Accounts and Payments

Account numbers are assigned to all veterinarians who submit samples. Please refer to your assigned account number in all correspondence in relation to billing questions. To ensure proper handling of account records, please notify the ADDL immediately if there are any changes in address, phone number or associates.

Payment for all charges is the responsibility of the submitting veterinarian. Charges are billed monthly and are due upon receipt. Checks should be made out to the Ohio Department of Agriculture /ADDL. Include the account number on the reference line of the check to ensure that the correct account is credited.

Pathology Fees

Services provided by the Pathology Section include complete necropsy examinations including histopathologic examinations, special stains/histochemistry, immunohistochemistry, surgical pathology and qualitative fecal centrifugations. Necropsy accessions are performed on a consignment basis as follows:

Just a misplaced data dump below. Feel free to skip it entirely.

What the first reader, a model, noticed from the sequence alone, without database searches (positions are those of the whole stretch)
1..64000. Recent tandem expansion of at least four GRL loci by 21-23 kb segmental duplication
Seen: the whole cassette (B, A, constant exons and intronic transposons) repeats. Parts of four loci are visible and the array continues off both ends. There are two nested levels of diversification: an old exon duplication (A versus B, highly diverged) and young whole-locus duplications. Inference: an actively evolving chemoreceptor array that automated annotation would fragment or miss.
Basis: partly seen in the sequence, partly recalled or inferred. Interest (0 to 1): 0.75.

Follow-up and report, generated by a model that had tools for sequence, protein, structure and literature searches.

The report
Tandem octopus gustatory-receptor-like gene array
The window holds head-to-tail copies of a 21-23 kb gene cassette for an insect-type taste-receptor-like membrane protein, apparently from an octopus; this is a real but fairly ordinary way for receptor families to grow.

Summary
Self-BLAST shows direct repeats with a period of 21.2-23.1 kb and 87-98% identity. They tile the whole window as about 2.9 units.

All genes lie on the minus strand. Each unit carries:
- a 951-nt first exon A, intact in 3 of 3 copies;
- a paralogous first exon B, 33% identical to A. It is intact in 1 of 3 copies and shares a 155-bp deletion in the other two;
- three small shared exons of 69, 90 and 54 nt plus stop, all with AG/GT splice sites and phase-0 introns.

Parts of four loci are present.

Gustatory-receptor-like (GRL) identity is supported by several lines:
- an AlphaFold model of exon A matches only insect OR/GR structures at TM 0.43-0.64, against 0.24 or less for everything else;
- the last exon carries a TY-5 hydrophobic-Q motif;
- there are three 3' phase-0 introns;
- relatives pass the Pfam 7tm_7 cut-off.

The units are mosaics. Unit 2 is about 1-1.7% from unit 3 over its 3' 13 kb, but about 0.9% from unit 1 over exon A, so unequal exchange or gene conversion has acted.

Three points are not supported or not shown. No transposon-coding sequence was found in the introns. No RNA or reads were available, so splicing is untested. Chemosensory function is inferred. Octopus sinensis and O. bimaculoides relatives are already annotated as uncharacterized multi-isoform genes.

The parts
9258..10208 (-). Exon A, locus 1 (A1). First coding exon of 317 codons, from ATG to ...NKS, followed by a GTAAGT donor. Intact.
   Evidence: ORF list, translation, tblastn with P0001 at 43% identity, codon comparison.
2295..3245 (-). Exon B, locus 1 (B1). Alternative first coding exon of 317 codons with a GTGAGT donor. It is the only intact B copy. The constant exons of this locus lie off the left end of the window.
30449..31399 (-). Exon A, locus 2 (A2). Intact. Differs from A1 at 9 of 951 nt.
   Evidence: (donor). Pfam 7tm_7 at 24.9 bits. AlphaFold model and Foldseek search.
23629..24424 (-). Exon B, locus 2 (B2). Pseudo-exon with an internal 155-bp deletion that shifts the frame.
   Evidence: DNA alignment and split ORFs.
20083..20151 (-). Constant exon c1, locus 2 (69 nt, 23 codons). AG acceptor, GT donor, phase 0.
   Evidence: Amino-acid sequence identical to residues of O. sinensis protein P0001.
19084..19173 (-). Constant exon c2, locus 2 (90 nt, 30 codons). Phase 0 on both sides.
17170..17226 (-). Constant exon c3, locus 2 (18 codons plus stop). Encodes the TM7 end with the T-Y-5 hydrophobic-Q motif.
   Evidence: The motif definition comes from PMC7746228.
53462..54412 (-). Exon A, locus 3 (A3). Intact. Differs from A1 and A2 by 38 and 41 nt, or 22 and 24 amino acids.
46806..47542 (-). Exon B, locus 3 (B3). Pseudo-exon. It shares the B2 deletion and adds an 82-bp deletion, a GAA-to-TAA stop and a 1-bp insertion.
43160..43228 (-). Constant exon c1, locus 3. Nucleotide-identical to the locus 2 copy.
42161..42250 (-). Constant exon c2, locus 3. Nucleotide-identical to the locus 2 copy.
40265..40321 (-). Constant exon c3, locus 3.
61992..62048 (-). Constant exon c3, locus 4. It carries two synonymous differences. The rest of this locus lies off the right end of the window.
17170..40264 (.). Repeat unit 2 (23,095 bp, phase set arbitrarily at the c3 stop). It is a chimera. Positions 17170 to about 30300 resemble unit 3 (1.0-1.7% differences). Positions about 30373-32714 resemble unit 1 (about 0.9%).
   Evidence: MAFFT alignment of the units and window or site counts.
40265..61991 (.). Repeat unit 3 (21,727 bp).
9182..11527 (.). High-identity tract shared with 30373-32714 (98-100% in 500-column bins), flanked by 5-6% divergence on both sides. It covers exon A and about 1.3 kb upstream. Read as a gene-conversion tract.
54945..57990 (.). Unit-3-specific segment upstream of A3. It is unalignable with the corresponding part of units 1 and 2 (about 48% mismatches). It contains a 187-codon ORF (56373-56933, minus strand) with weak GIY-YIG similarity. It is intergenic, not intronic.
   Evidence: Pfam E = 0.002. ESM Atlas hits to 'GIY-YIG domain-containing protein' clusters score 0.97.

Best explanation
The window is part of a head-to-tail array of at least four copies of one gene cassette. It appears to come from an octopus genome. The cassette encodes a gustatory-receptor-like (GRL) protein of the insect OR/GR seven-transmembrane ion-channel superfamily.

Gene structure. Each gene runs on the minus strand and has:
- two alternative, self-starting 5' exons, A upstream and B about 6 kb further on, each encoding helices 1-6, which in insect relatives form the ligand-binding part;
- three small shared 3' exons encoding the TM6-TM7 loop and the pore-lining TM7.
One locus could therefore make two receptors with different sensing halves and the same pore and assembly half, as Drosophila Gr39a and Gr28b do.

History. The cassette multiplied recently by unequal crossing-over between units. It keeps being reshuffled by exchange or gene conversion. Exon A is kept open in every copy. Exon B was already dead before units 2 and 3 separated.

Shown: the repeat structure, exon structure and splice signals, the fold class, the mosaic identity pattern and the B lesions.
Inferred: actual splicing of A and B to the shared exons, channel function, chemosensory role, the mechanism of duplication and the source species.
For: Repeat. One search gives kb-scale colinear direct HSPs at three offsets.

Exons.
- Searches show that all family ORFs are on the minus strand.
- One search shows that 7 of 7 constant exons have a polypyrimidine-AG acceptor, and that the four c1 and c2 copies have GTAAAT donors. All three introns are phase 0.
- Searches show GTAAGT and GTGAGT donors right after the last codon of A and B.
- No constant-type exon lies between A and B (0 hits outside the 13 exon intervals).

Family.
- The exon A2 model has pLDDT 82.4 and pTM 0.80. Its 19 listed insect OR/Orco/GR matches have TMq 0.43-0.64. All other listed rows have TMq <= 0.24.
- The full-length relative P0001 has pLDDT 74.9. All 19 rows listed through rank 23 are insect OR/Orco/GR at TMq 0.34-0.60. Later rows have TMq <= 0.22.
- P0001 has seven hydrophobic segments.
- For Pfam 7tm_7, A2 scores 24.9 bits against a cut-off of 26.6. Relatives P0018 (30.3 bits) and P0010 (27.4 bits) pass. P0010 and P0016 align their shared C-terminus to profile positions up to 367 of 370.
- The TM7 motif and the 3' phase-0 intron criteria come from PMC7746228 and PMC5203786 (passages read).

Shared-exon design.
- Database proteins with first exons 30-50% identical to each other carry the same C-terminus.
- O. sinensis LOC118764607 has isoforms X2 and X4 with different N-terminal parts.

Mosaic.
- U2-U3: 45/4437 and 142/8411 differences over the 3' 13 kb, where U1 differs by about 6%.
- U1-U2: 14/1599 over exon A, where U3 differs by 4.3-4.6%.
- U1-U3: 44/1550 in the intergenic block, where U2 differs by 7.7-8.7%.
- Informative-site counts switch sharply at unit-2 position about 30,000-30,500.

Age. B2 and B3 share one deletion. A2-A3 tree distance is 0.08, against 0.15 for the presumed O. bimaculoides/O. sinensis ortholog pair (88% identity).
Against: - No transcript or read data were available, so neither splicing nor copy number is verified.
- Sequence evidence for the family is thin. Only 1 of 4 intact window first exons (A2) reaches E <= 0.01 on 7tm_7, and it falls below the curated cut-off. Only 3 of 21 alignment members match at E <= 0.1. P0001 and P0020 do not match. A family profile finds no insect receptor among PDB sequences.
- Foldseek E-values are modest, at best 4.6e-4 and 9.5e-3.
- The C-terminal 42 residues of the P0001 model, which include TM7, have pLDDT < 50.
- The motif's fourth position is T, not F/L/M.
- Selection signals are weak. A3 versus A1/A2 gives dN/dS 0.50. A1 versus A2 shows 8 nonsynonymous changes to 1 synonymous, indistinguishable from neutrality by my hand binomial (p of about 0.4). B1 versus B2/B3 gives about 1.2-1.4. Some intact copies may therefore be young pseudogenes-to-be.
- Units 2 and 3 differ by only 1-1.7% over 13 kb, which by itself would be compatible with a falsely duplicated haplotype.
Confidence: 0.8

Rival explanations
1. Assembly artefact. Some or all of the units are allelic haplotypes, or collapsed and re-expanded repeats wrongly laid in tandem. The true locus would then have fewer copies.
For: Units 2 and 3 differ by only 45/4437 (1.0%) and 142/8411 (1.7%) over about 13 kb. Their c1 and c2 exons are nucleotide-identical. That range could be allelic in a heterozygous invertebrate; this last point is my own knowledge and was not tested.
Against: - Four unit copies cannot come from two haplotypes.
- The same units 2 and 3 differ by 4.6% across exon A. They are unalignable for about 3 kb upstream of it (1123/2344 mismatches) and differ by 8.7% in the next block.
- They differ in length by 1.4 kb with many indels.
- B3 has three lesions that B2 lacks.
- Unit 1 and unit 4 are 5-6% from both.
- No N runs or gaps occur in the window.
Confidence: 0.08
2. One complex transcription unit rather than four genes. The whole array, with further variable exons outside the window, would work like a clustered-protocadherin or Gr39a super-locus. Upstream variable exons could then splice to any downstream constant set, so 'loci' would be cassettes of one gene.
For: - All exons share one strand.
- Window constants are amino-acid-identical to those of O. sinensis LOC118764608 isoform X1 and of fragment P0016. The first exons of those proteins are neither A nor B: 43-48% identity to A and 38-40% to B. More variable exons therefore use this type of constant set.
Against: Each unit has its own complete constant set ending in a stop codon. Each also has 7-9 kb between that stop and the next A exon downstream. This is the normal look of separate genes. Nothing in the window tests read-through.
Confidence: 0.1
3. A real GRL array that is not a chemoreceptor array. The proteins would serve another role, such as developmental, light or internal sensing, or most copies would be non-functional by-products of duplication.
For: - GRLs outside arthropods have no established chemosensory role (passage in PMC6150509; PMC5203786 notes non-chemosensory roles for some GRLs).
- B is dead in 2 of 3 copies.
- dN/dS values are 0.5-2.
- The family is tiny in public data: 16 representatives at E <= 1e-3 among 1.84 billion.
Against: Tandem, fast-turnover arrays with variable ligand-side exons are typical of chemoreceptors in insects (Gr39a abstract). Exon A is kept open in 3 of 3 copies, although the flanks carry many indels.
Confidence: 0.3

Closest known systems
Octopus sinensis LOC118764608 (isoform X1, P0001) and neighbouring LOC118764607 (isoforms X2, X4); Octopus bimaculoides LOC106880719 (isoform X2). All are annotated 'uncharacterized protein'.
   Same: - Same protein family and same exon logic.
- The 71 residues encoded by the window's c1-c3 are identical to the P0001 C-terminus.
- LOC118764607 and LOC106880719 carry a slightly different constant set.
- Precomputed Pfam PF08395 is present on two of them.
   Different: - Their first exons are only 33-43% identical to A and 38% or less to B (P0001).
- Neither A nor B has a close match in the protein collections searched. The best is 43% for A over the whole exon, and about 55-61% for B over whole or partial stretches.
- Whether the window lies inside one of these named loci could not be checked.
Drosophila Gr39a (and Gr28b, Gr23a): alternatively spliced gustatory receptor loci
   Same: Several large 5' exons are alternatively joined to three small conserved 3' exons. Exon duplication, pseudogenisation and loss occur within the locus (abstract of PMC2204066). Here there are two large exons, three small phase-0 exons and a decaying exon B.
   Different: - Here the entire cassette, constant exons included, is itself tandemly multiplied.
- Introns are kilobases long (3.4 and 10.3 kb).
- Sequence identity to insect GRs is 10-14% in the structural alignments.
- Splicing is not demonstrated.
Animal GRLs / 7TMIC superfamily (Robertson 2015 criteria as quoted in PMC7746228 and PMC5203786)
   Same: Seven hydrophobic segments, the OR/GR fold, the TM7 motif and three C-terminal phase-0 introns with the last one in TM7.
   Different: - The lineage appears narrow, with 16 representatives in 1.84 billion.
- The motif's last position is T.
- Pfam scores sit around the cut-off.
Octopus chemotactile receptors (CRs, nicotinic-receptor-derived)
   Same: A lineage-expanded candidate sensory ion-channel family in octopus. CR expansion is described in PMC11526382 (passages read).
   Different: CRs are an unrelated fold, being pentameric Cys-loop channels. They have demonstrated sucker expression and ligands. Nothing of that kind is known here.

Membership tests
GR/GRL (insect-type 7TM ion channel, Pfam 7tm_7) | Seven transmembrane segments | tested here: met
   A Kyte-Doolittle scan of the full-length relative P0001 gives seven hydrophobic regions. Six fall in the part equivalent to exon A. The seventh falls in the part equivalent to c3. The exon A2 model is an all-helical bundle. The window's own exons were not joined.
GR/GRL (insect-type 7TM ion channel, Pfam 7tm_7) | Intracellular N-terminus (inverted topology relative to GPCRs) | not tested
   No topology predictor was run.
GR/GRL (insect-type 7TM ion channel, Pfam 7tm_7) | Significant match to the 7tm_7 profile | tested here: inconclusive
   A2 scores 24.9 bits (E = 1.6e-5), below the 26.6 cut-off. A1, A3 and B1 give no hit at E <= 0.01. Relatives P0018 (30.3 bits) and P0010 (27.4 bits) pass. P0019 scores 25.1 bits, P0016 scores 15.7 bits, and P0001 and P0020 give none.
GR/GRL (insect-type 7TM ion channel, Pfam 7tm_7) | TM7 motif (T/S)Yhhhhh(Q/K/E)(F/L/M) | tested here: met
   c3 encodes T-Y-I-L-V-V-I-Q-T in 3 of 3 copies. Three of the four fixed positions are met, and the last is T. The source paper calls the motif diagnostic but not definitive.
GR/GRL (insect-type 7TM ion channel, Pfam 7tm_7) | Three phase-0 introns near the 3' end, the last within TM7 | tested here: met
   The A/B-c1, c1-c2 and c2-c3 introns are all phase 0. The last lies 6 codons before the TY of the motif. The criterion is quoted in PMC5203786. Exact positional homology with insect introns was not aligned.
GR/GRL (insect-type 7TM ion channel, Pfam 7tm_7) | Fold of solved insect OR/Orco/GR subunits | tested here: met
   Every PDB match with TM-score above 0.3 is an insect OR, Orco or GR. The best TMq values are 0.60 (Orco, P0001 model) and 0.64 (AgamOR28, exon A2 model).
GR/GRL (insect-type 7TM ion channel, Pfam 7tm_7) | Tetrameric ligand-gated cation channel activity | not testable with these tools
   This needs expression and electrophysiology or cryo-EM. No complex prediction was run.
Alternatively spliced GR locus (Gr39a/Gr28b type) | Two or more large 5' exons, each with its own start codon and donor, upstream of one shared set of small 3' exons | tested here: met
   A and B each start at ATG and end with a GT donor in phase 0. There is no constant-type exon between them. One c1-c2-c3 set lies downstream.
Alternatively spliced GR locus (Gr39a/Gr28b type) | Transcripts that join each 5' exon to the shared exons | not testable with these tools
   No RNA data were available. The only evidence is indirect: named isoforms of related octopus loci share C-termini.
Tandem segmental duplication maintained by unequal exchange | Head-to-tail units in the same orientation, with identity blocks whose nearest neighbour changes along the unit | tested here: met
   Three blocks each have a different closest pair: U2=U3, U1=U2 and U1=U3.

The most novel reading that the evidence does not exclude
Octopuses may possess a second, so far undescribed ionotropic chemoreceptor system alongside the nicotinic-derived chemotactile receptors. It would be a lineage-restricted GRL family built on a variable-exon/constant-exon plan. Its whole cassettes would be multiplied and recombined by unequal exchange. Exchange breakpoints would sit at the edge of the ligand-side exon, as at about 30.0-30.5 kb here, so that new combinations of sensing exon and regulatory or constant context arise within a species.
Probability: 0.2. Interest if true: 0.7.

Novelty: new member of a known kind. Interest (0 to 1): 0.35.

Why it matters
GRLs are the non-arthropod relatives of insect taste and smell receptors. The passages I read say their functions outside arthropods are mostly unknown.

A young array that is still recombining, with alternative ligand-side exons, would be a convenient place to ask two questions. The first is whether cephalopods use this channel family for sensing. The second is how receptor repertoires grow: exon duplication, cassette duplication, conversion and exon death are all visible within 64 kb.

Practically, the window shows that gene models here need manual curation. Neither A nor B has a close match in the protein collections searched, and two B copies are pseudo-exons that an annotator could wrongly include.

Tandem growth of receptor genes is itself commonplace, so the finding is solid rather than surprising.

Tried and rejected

• 1-6 poultry (chicken, turkey, duck, game birds)
  • 1-6 aborted fetuses (same dam), any species
  • 1-3 neonates, any species
  • 1-3 weanlings (<50 lbs)
  • 1 adult animal

Consignments of multiple specimens must include animals/birds with similar clinical problems. Referring veterinarians should notify the Pathology Section and if necessary, consult with the pathologist, prior to the submission of a carcass or live animal. Upon submission of necropsy cases, the owner will be billed an initial deposit of $78.00 to cover the necropsy examinations. Ancillary testing beyond the gross examination is at the discretion of the pathologist who will work with the referring veterinarian on a diagnostic plan. There is no charge for necropsies performed on animals/birds submitted as suspects or reactors for which there is a state or federal regulatory program. Cosmetic necropsies will not be performed and no portion of the carcass will be returned to the owner.